Another example Mr. Ford gives is that of an African American citizen being refused a taxi ride. This might on the outside look like an obvious example of a blunt form of racism. However, Professor Thompson Ford warns that one may not play the “race card” without looking at the specific circumstances of the case. For example, many taxi drivers refuse African American passengers, since African Americans often live in dangerous neighborhoods that taxi drivers are not keen to enter. Richard Thompson Ford calls such incidents “racism without racists.” Additionally, he mentions the case of Oprah Winfrey who was refused entry to a luxury outlet boutique in Paris, claiming to be discriminated against. Professor Thompson Ford draws attention to the fact that the store had already been closed at the time Winfrey wanted access in preparation for a private event. He believes that while some cases can be explained by bigotry, others cannot. Additionally, he emphasizes that the civil rights approach is not wrong in cases of overt offenses – it simply does not solve the entire problem.

Therefore, what we need are more comprehensive solutions. Professor Ford advocates practices that are less vulnerable to bias such as social policies or a change of “hearts and minds.” He claims that as a community, we should not rely too heavily on civil rights and the courts to solve complex issues of social importance. He advised the audience to carefully observe the institutions we deal with every day and to look for bias or discrimination that is not immediately obvious. It is a reasonable approach to promote change in society’s way of thinking however difficult it may be to change. That a change in peoples’ minds is effective is reasonable; however, the way it should be implemented is difficult to answer.

Thompson Ford therefore offers a fresh vantage point as to how to approach the issue of discrimination and multiculturalism in the present day. However, it seems to pose more questions than it actually answers. Further, he failed to address the issue of creating positive African American role models, a task that is implemented so far by civil rights law and is considered a complex but effective approach to motivate African American students to continue into higher education. Additionally, the fact that discrimination is still a current issue, “hardcore” Affirmative Action defenders will claim that a change in the “hearts and minds” and social policies are simply not sufficient to bring about profound change. Even the civil rights attempt was in many cases unsuccessful. However, it should also be noted that this article provides only an extract of Thompson Ford’s complex theory and cannot give a full picture of his approach, which is laid out in his new book “Rights Gone Wrong.” Professor Thompson Ford gave a lively account of someone who still believes that change is possible, who thinks about how it can be achieved and who makes us hope that the bus driving through the suburbs of Buffalo will no longer be an image of the legacy of African American discrimination from former times.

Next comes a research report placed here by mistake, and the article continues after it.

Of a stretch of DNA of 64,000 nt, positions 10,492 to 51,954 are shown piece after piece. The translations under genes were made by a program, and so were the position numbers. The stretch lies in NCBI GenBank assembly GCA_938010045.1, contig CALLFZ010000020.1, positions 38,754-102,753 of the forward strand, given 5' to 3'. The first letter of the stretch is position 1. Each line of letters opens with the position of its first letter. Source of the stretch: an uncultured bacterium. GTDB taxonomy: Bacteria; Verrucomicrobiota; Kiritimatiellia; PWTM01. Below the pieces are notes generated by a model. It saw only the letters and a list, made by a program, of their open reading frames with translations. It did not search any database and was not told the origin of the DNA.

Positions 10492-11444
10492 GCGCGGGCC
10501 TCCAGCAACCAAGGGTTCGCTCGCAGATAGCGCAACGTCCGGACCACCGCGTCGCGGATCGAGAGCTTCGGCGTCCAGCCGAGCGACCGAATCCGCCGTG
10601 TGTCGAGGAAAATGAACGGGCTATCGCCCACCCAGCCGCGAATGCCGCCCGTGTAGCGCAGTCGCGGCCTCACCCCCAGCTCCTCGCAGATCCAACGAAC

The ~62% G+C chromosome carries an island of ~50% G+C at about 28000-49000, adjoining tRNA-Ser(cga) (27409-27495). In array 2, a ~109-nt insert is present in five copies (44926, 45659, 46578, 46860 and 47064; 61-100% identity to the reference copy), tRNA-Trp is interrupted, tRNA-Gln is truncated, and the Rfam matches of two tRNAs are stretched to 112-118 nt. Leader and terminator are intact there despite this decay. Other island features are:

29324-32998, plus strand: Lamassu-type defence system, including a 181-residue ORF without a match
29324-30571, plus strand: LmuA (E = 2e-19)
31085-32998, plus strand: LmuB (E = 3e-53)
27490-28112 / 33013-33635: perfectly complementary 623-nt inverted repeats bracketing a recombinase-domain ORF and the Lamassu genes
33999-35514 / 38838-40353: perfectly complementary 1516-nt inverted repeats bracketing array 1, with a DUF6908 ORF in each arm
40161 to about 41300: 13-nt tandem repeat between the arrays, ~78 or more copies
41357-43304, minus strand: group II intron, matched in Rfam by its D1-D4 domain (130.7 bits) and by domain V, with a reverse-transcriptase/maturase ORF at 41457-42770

Photo Courtesy of John Steven Fernandez